Going to Chichen Itza? Stop at the Balankanche Cave!

We continue to take local adventures off our Bucket List. Yes we live here, but the Bucket List continues to grow! Just when we think we have ticked everything off our list, we hear about another interesting place to check out. And boy did we find a great place this time. Note: This is not a regular blog post, nor are the photos of the quality that we like to maintain. As hard as I tried, it was extremely difficult to capture this underground cave well as lens started to fog up from the humidity and the spaces were so expansive it was a challenge to capture it all.

Balankanche Cave Just a Few Kilometers From Chichen Itza – Worth a Visit


Quick overview – This cave is just 6 kilometers from Chichen Itza just after the Dolores Alba Hotel. It was discovered by local villagers many moons ago but protected from the public as it is a sacred worshipping center for two Mayan Gods – Chaac (the God of Rain) and Tlaloc (the God of Water). In 1959 the cave entrance was found by visitors which prompted an investigation by both American and Mexican archeologists.

Archeologists found drinking vessels, pottery, dishes and remnants of ceremonies in this 700 meter long cave. The cave goes much further than what you see as a visitor, though our guide was not able to tell us how far it reached. As a visitor you will walk 700 meters of a beautiful cave entering through an opening that was originally used by the Maya. The Maya viewed this entry as the ‘gateway into the underworld’ and conducted ceremonies that honor this sacred place.

Glorious Natural Formations Throughout the Cave System


Once you enter the cave with your guide – tours are only conducted with a local guide every hour on the hour – you will walk through a well preserved dry cave. There is a multilingual audio presentation that explains the history of the cave, how it was used by the Maya, and how the cave was formed. Our guide Fransisco lived in the neighboring village of San Fransisco. He speaks English, Maya, Spanish, a bit of Italian and German.  WE found his explanation and stories better than the audio tape as he had some first hand local knowledge of the cave system. We walked through five different large cave rooms. The final room is where archeologists found various vessels, plates and ceremonial cups around a large stalagmite that the Mayan see as the tree of life. Archeologists have left the various vessels in the same spot they were found making this area a pretty special and spectacular final room.

None of these photos do this tour justice. It was extremely difficult to capture the height, the details in the cave with very light light.








700 Meters of a Highly Decorated Cave

Gary and I began our Mexico adventure over 20 years ago as cave explorers and cave divers. We have seen some pretty spectacular caves and caverns throughout the Riviera Maya. Balankanche is another cave that just floors us. The formations, the rooms, the very thought that nature created all of this beauty just continues to floor me each time I see a new cave. We were thankful we did not have to dive this one, though I kept looking at the water filled areas and wished I had my dive gear so I could explore more than my eye could see.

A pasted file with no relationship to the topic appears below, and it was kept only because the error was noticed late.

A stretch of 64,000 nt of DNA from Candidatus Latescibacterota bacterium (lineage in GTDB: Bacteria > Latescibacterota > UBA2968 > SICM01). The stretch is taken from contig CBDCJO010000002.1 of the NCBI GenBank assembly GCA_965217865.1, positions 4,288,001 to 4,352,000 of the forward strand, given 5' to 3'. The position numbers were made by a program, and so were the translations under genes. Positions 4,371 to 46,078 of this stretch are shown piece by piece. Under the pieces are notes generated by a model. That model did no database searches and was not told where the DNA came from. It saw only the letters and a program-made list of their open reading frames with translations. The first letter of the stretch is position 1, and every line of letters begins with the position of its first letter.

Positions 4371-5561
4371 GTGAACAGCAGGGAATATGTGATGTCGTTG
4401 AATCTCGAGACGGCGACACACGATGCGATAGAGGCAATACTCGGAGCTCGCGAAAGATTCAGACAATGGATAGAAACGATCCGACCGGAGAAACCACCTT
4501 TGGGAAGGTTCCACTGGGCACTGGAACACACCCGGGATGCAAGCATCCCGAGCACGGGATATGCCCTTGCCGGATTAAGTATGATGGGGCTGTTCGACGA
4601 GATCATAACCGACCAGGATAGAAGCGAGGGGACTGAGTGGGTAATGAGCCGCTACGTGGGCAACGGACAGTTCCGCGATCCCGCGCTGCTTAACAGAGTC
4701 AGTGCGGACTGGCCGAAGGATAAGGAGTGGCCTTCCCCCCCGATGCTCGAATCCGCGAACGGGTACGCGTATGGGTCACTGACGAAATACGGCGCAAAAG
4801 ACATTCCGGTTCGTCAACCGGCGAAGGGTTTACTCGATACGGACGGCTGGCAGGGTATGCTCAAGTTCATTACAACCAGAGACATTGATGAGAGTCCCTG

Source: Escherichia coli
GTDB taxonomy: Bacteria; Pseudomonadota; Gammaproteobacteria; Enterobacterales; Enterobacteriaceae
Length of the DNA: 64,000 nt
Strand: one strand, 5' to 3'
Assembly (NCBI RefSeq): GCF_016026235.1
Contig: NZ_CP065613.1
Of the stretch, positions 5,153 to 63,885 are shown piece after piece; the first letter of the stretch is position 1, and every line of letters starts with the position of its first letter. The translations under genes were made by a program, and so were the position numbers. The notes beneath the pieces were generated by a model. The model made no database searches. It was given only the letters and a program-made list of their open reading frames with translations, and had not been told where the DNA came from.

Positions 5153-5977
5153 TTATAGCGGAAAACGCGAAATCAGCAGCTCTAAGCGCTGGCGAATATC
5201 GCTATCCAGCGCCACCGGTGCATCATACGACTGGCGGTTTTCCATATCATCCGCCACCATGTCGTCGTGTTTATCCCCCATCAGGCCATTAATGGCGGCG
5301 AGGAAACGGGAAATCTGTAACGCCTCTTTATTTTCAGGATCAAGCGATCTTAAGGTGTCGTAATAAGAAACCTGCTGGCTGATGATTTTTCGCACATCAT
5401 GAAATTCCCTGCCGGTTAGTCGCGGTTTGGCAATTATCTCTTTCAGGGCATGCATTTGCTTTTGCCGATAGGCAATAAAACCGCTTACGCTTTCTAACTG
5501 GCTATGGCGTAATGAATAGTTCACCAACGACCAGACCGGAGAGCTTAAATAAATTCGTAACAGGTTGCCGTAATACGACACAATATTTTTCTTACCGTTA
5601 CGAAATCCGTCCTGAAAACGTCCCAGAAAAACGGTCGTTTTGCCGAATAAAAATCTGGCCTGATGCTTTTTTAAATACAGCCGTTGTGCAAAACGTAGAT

Legends and Interpretations of the Maya

Before we left the cave, Fransisco pointed to a small cluster of stalagmites that were interpreted to look like a group of women and their children.


He pointed to additional formation during our tour that were thought to be a skull, the tree of live, the body of a large god. It was easy to see how the rocks were interpreted as natural sculptures, made by nature, shared by nature and bought into the sacred ceremonies that honored the underworld.

Mayan Plants and Trees Outside of the Cave Entrance

What came as a wonderful surprise once we left the cave, was the documentation land vegetation and trees. Unlike hand written signs we have seen at some outdoor gardens in the area, Balankanche has done a beautiful job of labeling trees and plants around the cave system. Fransisco walked through a portion of the garden with us explaining the indigenous uses of the plants, the different palms, some that I have never seen before, and how the plants interact with each other. I loved this additional tour of the jungle and furthered my knowledge of local trees.



What You Need to Know Before You Go


Balankanche Cave is 6 kms east of Chichen Itza on Hwy 180. Organized tour buses to Chichen Itza do not stop here. This stop is done if you have a rental car, or have a group of friends who hired a driver for the day. If you leave the Riviera Maya early, you can combine Chichen Itza with this tour of Balankanche. We went solely for this tour and combined it with a great lunch and visit to Valladolid.

Cost at the time of writing was 125 pesos per person. This includes the guide as the tours can only be completed with a guide. Tours run each hour on the hour. Preferably six people are needed for a tour. If you are the only ones at the entrance, which is what happened to us, we paid for three people even though there were only two of us. We felt this was fair and a good price. Of course we tipped out guide at the end.

Bring good walking shoes as the inside of the cave is very humid. The tour runs for about 30 minutes, and you can take photos with a flash. Fransisco loves to be engaged, so ask him questions and get a local Maya perspective of this cave system.





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